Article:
go to top
Protesters burn pictures of U.S. President Donald Trump and President-elect Joe Biden in Tehran. Protesters burn pictures of U.S. President Donald Trump and President-elect Joe Biden outside the Iranian Foreign Ministry, Tehran, Nov. 28, 2020 (AP photo by Vahid Salemi).

How Biden Can Score a Diplomatic Win in the Gulf, With Europe’s Help

Monday, Dec. 7, 2020

Many world leaders, dismayed by four years of Donald Trump, are hoping that President-elect Joe Biden will return to an American foreign policy that is more pragmatic and balanced, less fickle and pettily punitive. One region crying out for an urgent recalibration in the U.S. approach is the Persian Gulf. Thanks to an emerging European initiative to help bring a modicum of calm to the tense region, Biden will have the opportunity to do a lot of good early in his term without having to invest too much political capital.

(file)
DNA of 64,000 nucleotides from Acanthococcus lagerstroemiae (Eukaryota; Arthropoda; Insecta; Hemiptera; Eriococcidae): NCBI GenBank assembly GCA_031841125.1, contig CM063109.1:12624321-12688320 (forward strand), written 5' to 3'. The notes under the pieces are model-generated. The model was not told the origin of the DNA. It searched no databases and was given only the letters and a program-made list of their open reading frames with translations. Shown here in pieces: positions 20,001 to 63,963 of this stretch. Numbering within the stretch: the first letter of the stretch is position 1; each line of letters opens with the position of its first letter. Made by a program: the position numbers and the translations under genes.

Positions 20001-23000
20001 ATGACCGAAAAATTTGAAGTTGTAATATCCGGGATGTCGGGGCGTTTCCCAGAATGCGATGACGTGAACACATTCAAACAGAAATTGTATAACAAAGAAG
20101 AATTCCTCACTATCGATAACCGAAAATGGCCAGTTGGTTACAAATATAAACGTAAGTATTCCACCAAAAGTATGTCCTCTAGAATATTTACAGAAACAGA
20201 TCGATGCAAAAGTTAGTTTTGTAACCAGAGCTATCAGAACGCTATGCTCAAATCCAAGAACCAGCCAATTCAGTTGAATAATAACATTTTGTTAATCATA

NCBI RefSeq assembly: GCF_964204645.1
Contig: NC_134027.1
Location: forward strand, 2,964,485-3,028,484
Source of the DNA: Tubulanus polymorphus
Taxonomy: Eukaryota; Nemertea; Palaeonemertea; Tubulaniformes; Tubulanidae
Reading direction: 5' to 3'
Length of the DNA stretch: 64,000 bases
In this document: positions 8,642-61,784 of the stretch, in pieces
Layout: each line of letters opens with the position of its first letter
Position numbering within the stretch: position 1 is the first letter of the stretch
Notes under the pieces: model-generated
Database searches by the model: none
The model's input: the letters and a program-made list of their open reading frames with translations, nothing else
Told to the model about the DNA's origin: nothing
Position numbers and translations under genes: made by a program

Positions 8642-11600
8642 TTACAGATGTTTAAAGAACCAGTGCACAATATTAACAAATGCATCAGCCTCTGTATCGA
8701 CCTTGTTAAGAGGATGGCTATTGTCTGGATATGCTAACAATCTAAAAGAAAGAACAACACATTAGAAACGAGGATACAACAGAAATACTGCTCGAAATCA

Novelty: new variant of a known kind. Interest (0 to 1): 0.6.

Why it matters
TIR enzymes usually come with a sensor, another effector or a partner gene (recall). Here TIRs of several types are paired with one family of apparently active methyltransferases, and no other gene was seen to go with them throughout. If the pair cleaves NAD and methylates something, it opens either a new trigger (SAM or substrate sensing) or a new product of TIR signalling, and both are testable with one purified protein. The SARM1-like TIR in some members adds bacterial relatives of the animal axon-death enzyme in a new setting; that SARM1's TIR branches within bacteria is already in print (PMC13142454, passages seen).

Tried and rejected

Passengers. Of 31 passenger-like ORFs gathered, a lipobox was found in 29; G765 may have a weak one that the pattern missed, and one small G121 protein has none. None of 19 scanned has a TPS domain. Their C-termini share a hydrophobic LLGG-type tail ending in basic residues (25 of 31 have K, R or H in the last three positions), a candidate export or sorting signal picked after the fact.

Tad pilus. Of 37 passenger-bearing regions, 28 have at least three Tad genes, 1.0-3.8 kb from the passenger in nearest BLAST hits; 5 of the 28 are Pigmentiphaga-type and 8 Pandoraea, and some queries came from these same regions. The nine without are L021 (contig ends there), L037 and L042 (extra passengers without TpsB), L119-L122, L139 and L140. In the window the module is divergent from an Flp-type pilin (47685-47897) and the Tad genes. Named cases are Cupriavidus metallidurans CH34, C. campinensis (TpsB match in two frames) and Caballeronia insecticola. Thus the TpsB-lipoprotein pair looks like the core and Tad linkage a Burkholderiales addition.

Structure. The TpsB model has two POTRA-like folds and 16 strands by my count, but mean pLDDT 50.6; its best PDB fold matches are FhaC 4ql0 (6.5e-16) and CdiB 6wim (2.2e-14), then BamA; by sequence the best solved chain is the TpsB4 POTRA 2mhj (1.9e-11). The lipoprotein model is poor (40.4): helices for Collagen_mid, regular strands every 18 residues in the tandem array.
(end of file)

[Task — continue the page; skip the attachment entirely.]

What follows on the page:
Ever since the 1979 Iranian revolution, tensions between Iran and the United States, and between Iran and its Arab neighbors, have given rise to violent conflict—whether fought directly, as during the Iran-Iraq War of the 1980s, or by proxy, as in Iraq, Syria and Yemen today. The Trump administration’s withdrawal from the Iran nuclear deal in 2018 and its “maximum pressure” campaign against Tehran have made an already volatile region even more dangerous. ...

To read more,

enter your email address then choose one of the three options below.

Subscribe to World Politics Review and you'll receive instant access to 10,000+ articles in the World Politics Review Library, along with new comprehensive analysis every weekday . . . written by leading topic experts.